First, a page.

How the Oil Pipeline Began

Soon after Colonel Edwin Drake struck oil, 70 feet down, in Titusville, Pennsylvania, on Aug. 27, 1859, he had a problem. He had nowhere to store the dark green liquid, and no good way to move it. Until then, locals had collected smaller quantities of oil from seeps and puddles and pits, by wringing it out of saturated wool blankets and scraping it off of wooden boards and collecting it in buckets, and they stored it easily in washtubs and whiskey barrels. But Drake’s well produced 1,000 gallons a day, and subsequent wells produced much more. The nearest railroad was 16 miles to the north, in Corry, just shy of the New York border. The roads there, ill-maintained lumber trails, were barely passable. So, for half a decade, before the Atlantic and Great Western Railroad arrived from the east, and the Allegheny Valley Railroad arrived from Pittsburgh, Drake and the oil men who followed him—finding themselves in possession of so much oil—filled up hundreds of thousands of oak barrels, and delivered them to refineries by horse and by barge. It’s hard to say which method was worse.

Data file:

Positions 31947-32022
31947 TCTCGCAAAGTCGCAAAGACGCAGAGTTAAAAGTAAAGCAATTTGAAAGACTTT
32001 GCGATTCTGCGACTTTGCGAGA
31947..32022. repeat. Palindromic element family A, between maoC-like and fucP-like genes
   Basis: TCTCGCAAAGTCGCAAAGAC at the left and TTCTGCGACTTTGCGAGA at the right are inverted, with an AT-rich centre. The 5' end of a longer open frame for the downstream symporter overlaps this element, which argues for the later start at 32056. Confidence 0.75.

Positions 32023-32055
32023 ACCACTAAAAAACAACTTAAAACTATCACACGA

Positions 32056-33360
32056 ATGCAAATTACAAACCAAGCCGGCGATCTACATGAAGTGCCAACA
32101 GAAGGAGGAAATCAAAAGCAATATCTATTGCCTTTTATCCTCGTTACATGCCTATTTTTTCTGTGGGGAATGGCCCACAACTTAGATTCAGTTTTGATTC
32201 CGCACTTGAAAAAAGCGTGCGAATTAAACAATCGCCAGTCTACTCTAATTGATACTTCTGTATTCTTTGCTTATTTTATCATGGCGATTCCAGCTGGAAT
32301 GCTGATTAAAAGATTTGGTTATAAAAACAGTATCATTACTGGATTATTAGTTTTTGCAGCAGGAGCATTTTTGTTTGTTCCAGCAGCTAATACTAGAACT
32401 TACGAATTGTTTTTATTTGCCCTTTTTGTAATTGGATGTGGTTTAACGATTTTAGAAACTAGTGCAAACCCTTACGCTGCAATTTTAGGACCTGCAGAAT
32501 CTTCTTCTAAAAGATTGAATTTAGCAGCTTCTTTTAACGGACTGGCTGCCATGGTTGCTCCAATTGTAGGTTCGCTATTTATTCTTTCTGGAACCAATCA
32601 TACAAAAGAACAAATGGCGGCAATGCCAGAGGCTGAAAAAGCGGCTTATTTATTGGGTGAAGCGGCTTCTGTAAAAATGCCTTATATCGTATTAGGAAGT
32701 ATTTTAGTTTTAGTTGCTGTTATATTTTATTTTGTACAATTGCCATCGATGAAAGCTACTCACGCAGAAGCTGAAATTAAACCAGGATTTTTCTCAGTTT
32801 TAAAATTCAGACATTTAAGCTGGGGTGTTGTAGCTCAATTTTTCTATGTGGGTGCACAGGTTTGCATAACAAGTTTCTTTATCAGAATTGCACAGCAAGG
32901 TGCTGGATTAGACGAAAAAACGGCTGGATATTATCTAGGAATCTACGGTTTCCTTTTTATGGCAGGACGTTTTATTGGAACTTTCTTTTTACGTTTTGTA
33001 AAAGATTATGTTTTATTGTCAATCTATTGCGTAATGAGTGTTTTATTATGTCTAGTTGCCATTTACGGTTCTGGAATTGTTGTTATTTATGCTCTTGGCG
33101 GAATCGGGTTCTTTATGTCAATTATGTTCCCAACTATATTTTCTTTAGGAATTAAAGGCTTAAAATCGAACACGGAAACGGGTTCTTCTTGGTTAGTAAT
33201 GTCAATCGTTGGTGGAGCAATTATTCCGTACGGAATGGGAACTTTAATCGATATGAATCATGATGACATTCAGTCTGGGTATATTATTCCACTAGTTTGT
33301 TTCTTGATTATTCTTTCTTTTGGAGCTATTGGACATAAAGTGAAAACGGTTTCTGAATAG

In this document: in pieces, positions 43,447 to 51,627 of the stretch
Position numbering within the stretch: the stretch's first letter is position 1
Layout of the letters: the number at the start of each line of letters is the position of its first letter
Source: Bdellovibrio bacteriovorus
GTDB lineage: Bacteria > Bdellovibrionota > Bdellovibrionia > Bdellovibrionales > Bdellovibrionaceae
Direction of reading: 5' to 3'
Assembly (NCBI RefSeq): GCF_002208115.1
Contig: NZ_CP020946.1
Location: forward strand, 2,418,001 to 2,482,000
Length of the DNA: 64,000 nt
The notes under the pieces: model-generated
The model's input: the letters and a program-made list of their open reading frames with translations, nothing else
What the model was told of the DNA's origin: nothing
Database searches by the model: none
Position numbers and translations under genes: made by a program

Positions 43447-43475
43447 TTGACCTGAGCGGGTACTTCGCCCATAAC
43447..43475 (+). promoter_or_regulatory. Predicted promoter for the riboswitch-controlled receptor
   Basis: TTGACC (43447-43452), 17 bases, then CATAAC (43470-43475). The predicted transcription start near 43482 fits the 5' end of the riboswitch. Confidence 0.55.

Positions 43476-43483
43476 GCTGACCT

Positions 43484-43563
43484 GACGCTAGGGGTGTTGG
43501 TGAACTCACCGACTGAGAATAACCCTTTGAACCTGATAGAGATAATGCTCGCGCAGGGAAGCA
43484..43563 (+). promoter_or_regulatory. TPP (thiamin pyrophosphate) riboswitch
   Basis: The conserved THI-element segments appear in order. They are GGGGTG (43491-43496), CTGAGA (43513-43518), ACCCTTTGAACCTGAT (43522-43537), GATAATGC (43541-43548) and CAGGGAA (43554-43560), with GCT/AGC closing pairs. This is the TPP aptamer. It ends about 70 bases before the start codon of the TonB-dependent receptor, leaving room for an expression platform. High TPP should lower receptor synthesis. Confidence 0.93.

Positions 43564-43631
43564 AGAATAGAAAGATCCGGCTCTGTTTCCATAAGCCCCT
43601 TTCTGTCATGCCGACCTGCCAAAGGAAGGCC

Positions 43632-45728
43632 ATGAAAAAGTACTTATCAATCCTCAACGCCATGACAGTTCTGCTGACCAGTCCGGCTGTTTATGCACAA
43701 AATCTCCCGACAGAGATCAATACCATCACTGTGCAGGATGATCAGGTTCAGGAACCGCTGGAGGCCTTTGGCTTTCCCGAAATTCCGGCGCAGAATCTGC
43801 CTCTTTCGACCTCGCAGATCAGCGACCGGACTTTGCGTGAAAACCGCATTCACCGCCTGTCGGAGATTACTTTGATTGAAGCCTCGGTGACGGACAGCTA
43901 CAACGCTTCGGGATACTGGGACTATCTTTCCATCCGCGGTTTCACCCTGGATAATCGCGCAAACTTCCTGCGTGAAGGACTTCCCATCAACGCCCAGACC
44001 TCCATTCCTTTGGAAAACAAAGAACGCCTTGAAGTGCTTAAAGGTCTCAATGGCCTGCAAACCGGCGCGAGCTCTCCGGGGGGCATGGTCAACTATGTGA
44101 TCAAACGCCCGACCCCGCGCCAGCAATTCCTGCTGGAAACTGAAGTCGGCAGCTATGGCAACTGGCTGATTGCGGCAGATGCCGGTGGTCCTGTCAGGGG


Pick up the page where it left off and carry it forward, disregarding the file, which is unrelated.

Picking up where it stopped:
Behind teams of horses, men in tall rubber boots hauled one-ton loads of oil—six barrels to the wagon—south 15 miles to Oil City, where the barrels were transferred to barges on the Allegheny river. The men were teamsters. They charged $3 to $4 per barrel, nearly the value of each barrel’s contents. The fluctuating delivery rates depended on the depth of the oily mud the teamsters had to wade through. The teamsters were numerous, and busy; in those early years, 2,000 wagons might cross one Titusville bridge in a day. They were also profane, and demanding. The journalist Ida Tarbell called them tyrants, and plutocrats.

Oil Creek, the local waterway,

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